If you can do the same, it will be a huge step on your way.

To me (and I guess nearly all aquarists) planning and setting up the aquarium is half the fun - or more! Patience is letting plants grow in before adding fish.
If you can, get the largest tank your home (house, family, schedule, budget, etc.) can accomodate, then very slowly, as you have time in your busy schedule, buy substrate, heater, air pump. Then a dechlorinator, and a syphon. Then a good light. Then plants and filtermedia. THEN fish...

Good luck and keep us updated on your progress.

Thank you so much! Also by keeping you guys updated do you mean on this form? Or somewhere else?

Again, thanks for the long replies. They are very helpful!
 
Siggi
  • #25
BettaFishKeeper4302 : I'd use the net, the heater and the lid without hesitation (more you, being in Florida, no problems with heating...).
The water conditioner and the food I might use if it's of a reputable brand, else throw it out and buy new.
Regarding the filter, if you mean serious about the hobby, get a cannister filter for your aquarium - you can get one relatively cheap on the net, buy a sponge and a divider and some good filter medium for it. Forget about the small cartridges and internal filters: they are unreliable and sooner or later they will break down and let your tank water rot... Best cannisters are Fluval, Juwel and Eheim or corresponding models from other brands. Get an hourly turnover at least 2 or 3 times your tank volume.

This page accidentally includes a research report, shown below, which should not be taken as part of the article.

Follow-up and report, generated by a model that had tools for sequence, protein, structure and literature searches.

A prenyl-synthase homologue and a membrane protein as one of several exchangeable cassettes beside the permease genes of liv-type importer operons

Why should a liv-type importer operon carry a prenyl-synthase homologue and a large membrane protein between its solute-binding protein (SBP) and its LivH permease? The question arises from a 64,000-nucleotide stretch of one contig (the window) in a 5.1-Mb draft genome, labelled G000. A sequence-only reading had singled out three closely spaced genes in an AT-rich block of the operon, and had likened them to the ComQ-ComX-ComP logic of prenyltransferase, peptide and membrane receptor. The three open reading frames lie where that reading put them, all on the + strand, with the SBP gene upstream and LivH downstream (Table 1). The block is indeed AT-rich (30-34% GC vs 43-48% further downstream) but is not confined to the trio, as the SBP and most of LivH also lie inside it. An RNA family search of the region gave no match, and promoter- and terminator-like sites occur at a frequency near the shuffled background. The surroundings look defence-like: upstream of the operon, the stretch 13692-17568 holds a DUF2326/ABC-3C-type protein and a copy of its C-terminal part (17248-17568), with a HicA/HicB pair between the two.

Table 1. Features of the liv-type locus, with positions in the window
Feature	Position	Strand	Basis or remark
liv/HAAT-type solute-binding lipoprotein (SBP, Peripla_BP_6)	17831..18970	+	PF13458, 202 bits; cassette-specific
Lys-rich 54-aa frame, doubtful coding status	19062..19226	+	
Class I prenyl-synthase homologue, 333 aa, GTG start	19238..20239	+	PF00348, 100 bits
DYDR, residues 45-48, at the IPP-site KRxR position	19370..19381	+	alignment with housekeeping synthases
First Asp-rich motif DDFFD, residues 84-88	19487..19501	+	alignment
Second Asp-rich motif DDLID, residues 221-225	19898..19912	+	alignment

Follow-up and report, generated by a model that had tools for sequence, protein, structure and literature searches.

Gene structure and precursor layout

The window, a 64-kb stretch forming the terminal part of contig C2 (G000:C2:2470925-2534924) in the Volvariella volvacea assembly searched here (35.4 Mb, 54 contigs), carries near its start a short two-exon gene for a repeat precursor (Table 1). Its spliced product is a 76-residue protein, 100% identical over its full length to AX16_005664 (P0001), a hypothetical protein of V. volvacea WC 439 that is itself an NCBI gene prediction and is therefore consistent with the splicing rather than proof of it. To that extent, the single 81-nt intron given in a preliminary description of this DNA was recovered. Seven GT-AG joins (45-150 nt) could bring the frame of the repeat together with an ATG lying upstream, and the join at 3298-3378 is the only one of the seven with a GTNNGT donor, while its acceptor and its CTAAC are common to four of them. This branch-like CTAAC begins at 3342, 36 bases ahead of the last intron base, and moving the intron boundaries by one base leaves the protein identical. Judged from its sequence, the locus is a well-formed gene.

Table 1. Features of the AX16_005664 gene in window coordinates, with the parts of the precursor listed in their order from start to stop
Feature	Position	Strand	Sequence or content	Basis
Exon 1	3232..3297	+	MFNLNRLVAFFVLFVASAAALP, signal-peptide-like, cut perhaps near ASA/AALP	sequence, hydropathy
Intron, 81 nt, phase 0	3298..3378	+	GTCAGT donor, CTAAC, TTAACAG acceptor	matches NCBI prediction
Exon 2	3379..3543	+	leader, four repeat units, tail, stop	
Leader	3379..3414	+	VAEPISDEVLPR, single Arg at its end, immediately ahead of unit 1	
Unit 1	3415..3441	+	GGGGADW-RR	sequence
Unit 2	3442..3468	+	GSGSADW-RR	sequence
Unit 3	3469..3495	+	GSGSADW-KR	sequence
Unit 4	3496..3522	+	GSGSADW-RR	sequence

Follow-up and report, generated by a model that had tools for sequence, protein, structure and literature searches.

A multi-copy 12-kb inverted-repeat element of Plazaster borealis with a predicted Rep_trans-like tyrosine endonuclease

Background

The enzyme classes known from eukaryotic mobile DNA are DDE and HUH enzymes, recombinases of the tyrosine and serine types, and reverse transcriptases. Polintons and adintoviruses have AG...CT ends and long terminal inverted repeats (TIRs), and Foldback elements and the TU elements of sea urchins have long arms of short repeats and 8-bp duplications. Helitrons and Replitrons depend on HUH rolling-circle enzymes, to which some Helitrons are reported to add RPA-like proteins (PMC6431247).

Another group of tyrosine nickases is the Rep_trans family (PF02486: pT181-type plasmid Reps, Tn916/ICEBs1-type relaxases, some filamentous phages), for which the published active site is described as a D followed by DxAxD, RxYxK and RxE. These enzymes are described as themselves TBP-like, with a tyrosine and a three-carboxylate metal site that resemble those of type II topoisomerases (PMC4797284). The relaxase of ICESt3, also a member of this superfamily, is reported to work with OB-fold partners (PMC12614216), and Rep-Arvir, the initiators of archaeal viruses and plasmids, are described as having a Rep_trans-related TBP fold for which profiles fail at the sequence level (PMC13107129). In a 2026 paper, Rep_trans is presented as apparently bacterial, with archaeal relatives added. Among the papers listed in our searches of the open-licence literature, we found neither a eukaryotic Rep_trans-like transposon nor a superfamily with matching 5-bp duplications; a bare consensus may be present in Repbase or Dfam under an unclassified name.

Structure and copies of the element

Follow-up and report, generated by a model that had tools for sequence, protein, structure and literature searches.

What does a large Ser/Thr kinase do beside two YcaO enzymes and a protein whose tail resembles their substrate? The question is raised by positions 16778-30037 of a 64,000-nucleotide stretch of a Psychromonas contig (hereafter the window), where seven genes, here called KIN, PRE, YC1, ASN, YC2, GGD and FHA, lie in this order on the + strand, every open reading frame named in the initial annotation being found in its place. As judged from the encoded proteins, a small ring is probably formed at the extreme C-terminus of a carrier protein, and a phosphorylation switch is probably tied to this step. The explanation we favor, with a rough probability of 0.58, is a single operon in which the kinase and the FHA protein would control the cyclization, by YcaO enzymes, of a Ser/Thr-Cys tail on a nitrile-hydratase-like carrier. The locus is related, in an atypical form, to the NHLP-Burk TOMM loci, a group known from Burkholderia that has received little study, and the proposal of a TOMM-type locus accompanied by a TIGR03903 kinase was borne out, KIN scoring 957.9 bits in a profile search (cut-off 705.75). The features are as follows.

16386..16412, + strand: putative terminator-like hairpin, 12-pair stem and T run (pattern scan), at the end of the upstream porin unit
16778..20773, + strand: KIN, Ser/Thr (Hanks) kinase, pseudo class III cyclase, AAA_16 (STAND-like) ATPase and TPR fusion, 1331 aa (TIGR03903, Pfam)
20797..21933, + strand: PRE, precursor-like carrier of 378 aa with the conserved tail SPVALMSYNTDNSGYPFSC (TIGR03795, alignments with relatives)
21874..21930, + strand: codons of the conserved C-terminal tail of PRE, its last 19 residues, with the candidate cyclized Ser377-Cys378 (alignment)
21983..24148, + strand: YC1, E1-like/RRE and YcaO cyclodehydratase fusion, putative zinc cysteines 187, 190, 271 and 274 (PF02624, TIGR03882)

BrI BrI : You are very welcome; that's what the forum is all about - Q&A. Feel free to keep on asking... There are many aquarists with decades of experience that will be glad to help. I'm just a beginner compared to some, and there's always someone who knows sonething...
 
Bri Bri
  • Thread Starter
  • #26
BettaFishKeeper4302 : I'd use the net, the heater and the lid without hesitation (more you, being in Florida, no problems with heating...).
The water conditioner and the food I might use if it's of a reputable brand, else throw it out and buy new.
Regarding the filter, if you mean serious about the hobby, get a cannister filter for your aquarium - you can get one relatively cheap on the net, buy a sponge and a divider and some good filter medium for it. Forget about the small cartridges and internal filters: they are unreliable and sooner or later they will break down and let your tank water rot... Best cannisters are Fluval, Juwel and Eheim or corresponding models from other brands. Get an hourly turnover at least 2 or 3 times your tank volume.

BrI BrI : You are very welcome; that's what the forum is all about - Q&A. Feel free to keep on asking... There are many aquarists with decades of experience that will be glad to help. I'm just a beginner compared to some, and there's always someone who knows sonething...

That's true! I wish you luck on all the fish you own!
 

Similar Aquarium Threads

Replies
26
Views
300
actuallyacatmow
Replies
52
Views
2K
86 ssinit
Replies
81
Views
2K
mattgirl
Replies
28
Views
617
Rafisunn
Replies
15
Views
324
DevonM
Top Bottom